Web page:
Finally free to tell my story
There's a much loved shoebox that David Bain keeps close by his side. It's taped together and replaces one that fell apart - a testament to the number of times over the past 15 years it's been opened and pored over.
Inside are the 37-year-old's most treasured belongings - the only pictures he has of his parents and three siblings, personal letters and cards from his family, and letters of support from complete strangers.
For 15 years he has said little to the media but is now giving his first-ever full interview, to New Idea, to share who David Bain really is.
Just weeks after he was found not guilty of the murders of his parents and three siblings, David spent time with New Idea. Over several days he spoke of the happy times his family shared before that fateful morning of June 20, 1994, how as a prisoner he would plummet into depression when bids for freedom were denied, and how the support of New Zealanders gave him the strength to carry on.
The picture he paints of his family is a far cry from the turbulent one that filled much of the court evidence. And when David thinks of his family it's the happier times he remembers, not the gruesome scenes shown to the jury.
'Mum and Dad would kick you out of the house [saying], "Go play, go chase the dog down the street,",' David recalls, flicking through his photos as he talks of his 15 years growing up in Papua New Guinea.
'There was always something exciting. It was a big playground for us. We grew up running around in shorts, T-shirts and bare feet. It was a great lifestyle, and I loved it.'
His parents Robin and Margaret Bain were missionary teachers in the tiny Pacific nation. The family lived in a secure compound and weekends were filled with beach trips, church events and picnics.
'I remember enjoying fruits and vegetables; you'd get watermelons the size of two footballs, deep red juicy things,' he says.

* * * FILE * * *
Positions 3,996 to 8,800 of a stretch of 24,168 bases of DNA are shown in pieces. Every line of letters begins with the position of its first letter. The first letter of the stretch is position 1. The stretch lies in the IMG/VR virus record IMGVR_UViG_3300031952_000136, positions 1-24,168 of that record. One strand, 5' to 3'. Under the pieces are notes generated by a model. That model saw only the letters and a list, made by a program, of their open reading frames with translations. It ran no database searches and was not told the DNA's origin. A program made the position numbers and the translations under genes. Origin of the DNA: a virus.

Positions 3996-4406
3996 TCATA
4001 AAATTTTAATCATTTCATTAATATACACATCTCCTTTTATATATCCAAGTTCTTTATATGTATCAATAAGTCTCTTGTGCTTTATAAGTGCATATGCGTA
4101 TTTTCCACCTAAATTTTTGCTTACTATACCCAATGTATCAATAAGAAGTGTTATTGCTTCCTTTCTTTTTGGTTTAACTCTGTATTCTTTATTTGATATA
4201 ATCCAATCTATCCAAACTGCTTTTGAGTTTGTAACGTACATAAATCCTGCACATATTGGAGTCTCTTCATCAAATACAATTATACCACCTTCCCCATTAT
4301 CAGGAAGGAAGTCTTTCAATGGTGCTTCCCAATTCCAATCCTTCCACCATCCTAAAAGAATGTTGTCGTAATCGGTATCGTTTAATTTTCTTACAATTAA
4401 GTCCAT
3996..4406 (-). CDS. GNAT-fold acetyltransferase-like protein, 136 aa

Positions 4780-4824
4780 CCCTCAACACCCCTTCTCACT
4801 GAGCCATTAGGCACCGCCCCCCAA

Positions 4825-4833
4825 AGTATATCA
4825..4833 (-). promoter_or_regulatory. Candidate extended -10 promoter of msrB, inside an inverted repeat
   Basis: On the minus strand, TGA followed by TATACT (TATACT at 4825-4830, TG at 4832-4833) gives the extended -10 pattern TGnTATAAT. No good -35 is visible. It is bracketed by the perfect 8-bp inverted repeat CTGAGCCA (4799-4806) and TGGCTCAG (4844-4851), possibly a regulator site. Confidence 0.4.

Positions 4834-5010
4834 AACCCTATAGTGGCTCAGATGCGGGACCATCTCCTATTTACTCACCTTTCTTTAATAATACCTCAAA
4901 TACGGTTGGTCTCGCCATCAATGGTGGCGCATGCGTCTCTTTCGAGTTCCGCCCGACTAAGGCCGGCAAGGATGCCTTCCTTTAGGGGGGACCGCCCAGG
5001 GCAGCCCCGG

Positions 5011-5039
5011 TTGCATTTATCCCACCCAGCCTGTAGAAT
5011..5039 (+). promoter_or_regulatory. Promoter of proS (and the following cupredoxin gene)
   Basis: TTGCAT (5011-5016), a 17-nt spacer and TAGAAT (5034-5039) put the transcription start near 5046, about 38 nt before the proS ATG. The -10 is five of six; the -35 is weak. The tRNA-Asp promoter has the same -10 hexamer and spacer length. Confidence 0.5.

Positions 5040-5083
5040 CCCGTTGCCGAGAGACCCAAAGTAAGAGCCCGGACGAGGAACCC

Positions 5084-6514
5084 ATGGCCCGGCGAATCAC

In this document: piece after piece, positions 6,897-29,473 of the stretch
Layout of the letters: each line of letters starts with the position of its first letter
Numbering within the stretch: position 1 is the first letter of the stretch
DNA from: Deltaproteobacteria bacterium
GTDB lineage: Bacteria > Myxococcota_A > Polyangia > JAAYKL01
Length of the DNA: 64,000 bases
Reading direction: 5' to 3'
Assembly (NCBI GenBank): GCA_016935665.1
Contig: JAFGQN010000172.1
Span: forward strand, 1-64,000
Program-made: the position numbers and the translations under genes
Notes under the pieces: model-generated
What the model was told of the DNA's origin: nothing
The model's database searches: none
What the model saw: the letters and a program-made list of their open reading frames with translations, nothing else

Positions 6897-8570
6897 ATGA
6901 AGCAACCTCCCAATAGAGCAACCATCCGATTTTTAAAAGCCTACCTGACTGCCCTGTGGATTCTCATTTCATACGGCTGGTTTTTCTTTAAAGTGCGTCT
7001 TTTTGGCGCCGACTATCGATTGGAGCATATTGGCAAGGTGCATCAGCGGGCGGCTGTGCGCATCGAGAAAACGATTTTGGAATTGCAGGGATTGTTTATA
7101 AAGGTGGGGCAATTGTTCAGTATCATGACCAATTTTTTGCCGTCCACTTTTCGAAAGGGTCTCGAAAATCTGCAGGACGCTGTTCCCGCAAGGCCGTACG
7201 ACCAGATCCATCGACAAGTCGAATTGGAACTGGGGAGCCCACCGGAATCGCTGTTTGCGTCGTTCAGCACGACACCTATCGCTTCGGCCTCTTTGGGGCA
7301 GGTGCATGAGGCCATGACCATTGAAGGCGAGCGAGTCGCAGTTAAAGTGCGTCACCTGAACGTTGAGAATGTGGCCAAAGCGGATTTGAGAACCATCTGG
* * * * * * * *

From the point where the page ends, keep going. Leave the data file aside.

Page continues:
That freedom was a stark contrast to days, weeks, months and years spent in prison after David was accused of murdering his family.
Initially police suspected 58-year-old Robin of murder-suicide after Margaret, 50, and David's siblings Arawa, 19, Laniet, 18, and Stephen, 14, were found shot dead in the family home.
Four days later, the nation was shocked to discover David had been charged with murder. This would result in the trial of the century.
Life was just beginning for David. He'd started his arts degree at Dunedin University studying classics and English literature - a prerequisite for drama, a career the budding operatic singer was passionate to pursue. And he was in love.
'I had a girlfriend. We had a special relationship. I was realising my dreams of performing in shows,' David says. 'During my school years I was pretty closed and unsure about myself, but through a two-year period prior to going back to university I found out what it was that I wanted to do with my life.
'These life choices that I'd embarked upon had suddenly been wiped altogether.'
He was placed in remand at Dunedin Prison where he was on suicide watch, checked every 15 minutes for 12 months before a jury eventually found him guilty on five counts of murder in May 1995. David wailed in horror and disbelief when the first verdict was read.